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TITLE: Assessment of chemical factors in relation to child hyperactivity.
AUTHOR AFFILIATION: ICP-MS Facility, Dep. Chem., Univ. Surrey, Guildford, Surrey GU2 5XH, UK.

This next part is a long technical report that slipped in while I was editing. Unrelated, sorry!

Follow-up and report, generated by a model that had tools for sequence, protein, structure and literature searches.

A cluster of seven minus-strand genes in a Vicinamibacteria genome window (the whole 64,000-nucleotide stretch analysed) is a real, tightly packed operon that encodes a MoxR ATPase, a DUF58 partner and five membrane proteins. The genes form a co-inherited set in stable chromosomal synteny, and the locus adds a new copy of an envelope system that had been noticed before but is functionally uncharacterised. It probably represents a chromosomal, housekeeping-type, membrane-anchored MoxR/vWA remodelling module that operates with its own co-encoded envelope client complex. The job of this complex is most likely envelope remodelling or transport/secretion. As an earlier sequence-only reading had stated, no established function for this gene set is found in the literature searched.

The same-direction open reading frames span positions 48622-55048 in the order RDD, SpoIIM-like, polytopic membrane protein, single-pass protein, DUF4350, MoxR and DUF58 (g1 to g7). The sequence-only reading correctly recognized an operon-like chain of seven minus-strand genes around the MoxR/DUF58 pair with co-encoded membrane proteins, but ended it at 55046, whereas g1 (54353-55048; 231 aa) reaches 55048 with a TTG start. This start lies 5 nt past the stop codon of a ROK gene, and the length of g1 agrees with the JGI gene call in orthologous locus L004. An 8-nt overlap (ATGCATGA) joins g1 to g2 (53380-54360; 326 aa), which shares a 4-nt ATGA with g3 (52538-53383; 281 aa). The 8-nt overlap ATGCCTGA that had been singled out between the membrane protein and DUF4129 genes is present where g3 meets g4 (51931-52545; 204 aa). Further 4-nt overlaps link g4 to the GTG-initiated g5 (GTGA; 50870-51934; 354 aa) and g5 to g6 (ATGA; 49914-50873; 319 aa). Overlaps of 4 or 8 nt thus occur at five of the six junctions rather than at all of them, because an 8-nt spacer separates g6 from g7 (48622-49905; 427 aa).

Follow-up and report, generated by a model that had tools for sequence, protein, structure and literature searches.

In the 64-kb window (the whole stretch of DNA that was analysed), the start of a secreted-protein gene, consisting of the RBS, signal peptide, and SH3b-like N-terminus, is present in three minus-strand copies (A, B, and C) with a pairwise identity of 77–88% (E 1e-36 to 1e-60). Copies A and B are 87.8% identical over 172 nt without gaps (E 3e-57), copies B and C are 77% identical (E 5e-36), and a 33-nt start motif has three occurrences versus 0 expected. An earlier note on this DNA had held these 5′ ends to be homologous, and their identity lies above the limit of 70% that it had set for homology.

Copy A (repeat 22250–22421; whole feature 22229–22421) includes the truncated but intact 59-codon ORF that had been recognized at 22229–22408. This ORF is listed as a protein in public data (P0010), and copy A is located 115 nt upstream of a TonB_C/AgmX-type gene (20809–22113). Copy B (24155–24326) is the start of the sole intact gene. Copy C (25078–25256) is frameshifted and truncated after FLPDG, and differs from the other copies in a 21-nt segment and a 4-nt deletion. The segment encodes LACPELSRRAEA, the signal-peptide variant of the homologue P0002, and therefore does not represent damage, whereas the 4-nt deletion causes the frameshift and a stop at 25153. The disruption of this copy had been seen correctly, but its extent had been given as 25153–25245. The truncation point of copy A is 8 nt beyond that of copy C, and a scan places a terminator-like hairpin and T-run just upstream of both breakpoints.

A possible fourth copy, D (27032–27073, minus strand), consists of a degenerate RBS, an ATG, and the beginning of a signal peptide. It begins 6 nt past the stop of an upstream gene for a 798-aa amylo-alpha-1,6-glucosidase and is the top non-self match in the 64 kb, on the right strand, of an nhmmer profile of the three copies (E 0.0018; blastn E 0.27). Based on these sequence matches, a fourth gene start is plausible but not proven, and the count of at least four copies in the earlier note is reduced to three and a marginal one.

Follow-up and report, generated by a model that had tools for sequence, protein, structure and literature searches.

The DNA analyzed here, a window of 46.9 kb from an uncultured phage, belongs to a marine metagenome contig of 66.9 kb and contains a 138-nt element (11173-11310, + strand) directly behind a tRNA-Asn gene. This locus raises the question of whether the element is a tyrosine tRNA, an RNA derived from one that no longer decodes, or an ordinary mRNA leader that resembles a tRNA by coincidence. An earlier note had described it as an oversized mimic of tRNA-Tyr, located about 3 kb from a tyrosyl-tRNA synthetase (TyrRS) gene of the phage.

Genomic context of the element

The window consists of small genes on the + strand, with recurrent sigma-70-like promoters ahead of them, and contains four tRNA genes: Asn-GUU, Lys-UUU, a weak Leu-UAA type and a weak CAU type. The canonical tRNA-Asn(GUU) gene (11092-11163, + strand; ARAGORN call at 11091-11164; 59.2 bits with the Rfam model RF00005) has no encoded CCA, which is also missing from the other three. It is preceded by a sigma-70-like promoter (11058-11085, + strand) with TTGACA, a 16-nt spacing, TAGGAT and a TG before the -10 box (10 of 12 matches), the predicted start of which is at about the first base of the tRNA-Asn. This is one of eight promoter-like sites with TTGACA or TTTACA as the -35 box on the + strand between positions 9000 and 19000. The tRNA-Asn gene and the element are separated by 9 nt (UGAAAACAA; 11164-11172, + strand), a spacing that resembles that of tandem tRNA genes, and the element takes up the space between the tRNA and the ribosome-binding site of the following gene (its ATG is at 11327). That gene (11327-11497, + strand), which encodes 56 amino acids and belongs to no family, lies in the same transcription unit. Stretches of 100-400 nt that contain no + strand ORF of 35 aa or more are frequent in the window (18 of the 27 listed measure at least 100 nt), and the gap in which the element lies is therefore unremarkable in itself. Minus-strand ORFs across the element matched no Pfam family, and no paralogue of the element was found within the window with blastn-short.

BIOSIS COPYRIGHT: BIOL ABS. A questionnaire evaluation of 486 hyperactive children (HA) (82% boys, aged 7-13 years and 18% girls, aged 8-13 years) showed that more than 60% of cases reported a positive behavioural response (i.e. increased problems) in relation to consuming or being exposed to synthetic colourings and flavourings, food and beverage preservatives, cow's milk and associated products, chemical detergents and perfume. In contrast, 172 sex- and age-matched control children (C) reported only 12% of cases responding to synthetic colourings and flavourings and chemical solvents. The main health problems reported by the 96% of hyperactive children affected by synthetic colourings and flavourings were persistent thirst problems, the development of eczema, ear and/or chest infections, and the production of excessive amounts of catarrh. Trace element measurements undertaken by inductively coupled plasma mass spectrometry showed that a low zinc and iron status is associated with hyperactive children when compared with control children for blood serum, urine and washed scalp hair (HA < C). In many cases, hyperactive children also had very highly significant raised levels of aluminium, cadmium and/or lead (HA > C), particularly in urine and washed scalp hair samples. Hyperactive children with a known behavioural response following the consumption of a beverage containing tartrazine, E102 (n = 23), sunset yellow, E110 (n = 12) and amaranth, E123 (n = 12) were given a dose of chemical food colour (50 mg) and their zinc levels (blood serum and urine) and behavioural activity were monitored for 120 min. A sex- and age-matched control group was also studied. Only hyperactive children showed a significant reduction in blood serum zinc levels and an increase in urinary zinc output following the consumption of E102 and E110. Amaranth had no effect on their zinc status over the study time period. There were no significant changes in the zinc levels for control children for all three chemical food colours. The main behavioural changes were observed in the hyperactive children given E102 and E110. For the 23 children who consumed a tartrazine beverage there were increased levels of overactivity (n = 18 children), aggressive (n = 16) and/or violent (n = 4) activity, poor speech (n = 2), poor coordination (n = 12), and the development of asthma and/or eczema (n = 8). Most of these were severe or moderate changes. Only one control child showed minor behavioural responses to tartrazine.